Photo: Rick Madonik/Toronto Star via Getty Images

Mexican officials announced they will be hitting the "pause button" on plans to send as many as 5,000 migrant farmworkers to Canada after two Mexicans died from the coronavirus, The Washington Post reports.

Why it matters: The coronavirus is quickly spreading among migrant farmworkers in Canada, leaving at least 600 infected, per the Post. If other countries limit the migrant farmworkers they are willing to send to Canada, it could derail plans for harvesting both this year and next, per the Post.

  • Canada's farming sector relies on 60,000 temporary foreign workers annually.
  • The migrant workers are so important to Canada that Prime Minister Justin Trudeau deemed them essential so they are exempt from restrictions against foreign travelers.
  • Canada has over 100,000 confirmed coronavirus cases and about 8,400 deaths, according to Johns Hopkins University.

Mexico said it will considering sending its citizens back to Canada after the conditions that caused the spread of COVID-19 and the deaths of its citizens have been rectified, per the Post.

  • Nearly half of all migrant farmworkers in Canada come from Mexico.

Zoom out: The rate at which the coronavirus is spreading among migrant workers around the world has been a point of concern for governments given the cramped living and working conditions they often deal with.

Go deeper: Farmworkers risk coronavirus to keep supermarkets stocked with fresh food

Go deeper

Updated Jul 10, 2020 - Health

World coronavirus updates

Data: The Center for Systems Science and Engineering at Johns Hopkins; Map: Axios Visuals

Hong Kong's secondary schools, primary schools and kindergartens will close on Monday, education secretary Kevin Yeung announced Friday.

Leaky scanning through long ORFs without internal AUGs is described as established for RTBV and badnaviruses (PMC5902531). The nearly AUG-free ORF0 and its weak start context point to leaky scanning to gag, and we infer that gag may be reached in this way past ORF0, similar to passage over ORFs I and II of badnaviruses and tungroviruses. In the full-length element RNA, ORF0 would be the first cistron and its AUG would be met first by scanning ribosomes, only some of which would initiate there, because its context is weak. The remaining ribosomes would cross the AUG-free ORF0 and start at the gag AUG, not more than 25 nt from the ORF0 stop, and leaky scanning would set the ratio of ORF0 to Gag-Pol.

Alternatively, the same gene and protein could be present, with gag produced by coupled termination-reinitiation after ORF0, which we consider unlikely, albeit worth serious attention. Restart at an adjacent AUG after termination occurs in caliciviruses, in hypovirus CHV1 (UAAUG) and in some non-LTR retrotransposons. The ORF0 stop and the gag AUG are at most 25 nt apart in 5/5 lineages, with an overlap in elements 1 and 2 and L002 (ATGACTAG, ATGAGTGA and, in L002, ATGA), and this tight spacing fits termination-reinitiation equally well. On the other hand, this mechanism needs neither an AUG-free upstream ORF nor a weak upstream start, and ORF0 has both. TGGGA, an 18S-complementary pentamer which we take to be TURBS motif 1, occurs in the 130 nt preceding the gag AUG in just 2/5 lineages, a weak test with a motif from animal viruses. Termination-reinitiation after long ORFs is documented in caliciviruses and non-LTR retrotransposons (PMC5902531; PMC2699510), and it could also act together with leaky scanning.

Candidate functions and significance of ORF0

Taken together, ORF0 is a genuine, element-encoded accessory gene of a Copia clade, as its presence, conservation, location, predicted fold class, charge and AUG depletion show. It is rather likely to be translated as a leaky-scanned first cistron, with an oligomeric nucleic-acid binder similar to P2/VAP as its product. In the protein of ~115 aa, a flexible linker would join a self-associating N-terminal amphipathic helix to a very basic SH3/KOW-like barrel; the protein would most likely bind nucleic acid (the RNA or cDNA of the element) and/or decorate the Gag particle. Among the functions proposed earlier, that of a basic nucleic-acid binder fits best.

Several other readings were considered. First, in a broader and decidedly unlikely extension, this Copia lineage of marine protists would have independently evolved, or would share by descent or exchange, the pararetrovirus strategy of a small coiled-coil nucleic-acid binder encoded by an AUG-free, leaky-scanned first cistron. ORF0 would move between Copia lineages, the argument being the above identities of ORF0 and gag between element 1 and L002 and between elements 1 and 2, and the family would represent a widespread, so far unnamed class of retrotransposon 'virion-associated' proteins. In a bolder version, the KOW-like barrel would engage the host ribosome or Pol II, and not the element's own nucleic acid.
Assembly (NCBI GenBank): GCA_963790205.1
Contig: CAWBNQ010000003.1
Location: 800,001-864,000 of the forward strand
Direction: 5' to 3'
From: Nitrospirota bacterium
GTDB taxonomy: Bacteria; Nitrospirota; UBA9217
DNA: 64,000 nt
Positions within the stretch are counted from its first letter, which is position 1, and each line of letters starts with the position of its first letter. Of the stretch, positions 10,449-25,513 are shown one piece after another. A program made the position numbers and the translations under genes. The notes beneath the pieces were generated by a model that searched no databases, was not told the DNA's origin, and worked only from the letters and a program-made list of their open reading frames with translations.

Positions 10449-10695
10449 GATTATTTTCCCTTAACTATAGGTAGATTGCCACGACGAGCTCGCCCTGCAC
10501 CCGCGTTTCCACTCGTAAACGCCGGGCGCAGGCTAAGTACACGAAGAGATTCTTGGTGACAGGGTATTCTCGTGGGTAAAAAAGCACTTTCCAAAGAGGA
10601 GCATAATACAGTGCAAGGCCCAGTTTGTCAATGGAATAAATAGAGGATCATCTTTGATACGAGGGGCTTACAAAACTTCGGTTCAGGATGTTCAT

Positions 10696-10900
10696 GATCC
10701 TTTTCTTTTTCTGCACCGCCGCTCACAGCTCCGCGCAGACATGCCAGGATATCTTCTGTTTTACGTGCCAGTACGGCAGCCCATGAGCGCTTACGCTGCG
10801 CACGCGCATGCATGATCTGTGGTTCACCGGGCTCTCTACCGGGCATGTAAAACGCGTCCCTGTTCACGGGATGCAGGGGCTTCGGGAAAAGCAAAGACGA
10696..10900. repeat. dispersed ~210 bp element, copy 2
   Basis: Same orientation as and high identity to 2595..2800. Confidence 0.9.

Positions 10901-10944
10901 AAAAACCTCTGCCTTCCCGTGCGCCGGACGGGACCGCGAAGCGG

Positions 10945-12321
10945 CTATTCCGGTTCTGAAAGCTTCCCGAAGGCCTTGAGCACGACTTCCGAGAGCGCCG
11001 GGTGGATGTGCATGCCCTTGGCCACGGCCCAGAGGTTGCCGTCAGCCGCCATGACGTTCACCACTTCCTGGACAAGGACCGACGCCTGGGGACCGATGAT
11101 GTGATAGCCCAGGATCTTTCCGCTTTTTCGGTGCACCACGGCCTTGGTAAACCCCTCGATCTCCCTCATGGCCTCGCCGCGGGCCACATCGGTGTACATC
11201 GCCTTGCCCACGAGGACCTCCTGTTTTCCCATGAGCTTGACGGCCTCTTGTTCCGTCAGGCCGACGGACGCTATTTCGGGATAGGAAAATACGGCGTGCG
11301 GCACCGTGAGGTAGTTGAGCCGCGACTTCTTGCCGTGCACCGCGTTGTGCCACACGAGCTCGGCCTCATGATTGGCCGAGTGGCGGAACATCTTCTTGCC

What's happening: Hong Kong reported 147 new coronavirus infections over the past week, the Financial Times reports. 88 of those infections were reportedly locally transmitted.

22 hours ago - Health

WHO head: There will be no return to the "old normal" in near future

World Health Organization director-general Tedros Adhanom Ghebreyesus. Photo: Fabrice Coffrini/POOL/AFP via Getty Images

World Health Organization director-general Tedros Adhanom Ghebreyesus warned Monday that "there will be no return to the 'old normal' for the foreseeable future," but that there is a "roadmap" for struggling countries to get the virus under control.

Why it matters: A record 230,000 new cases of COVID-19 were reported to the WHO on Sunday, as total infections approach 13 million worldwide.

McEnany denies White House issued "opposition research" on Fauci

White House press secretary Kayleigh McEnany denied Monday that the White House released "opposition research" on Anthony Fauci’s handling of the coronavirus, despite the fact that multiple media outlets received a statement from an unnamed White House official that listed the times Fauci was "wrong on things" in the pandemic's early days.

The big picture: McEnany painted the statement as "a direct answer to what was a direct question" for a Washington Post piece, but the administration forwarded that document to other outlets, including CNN, which described it as "[resembling] opposition research on a political opponent."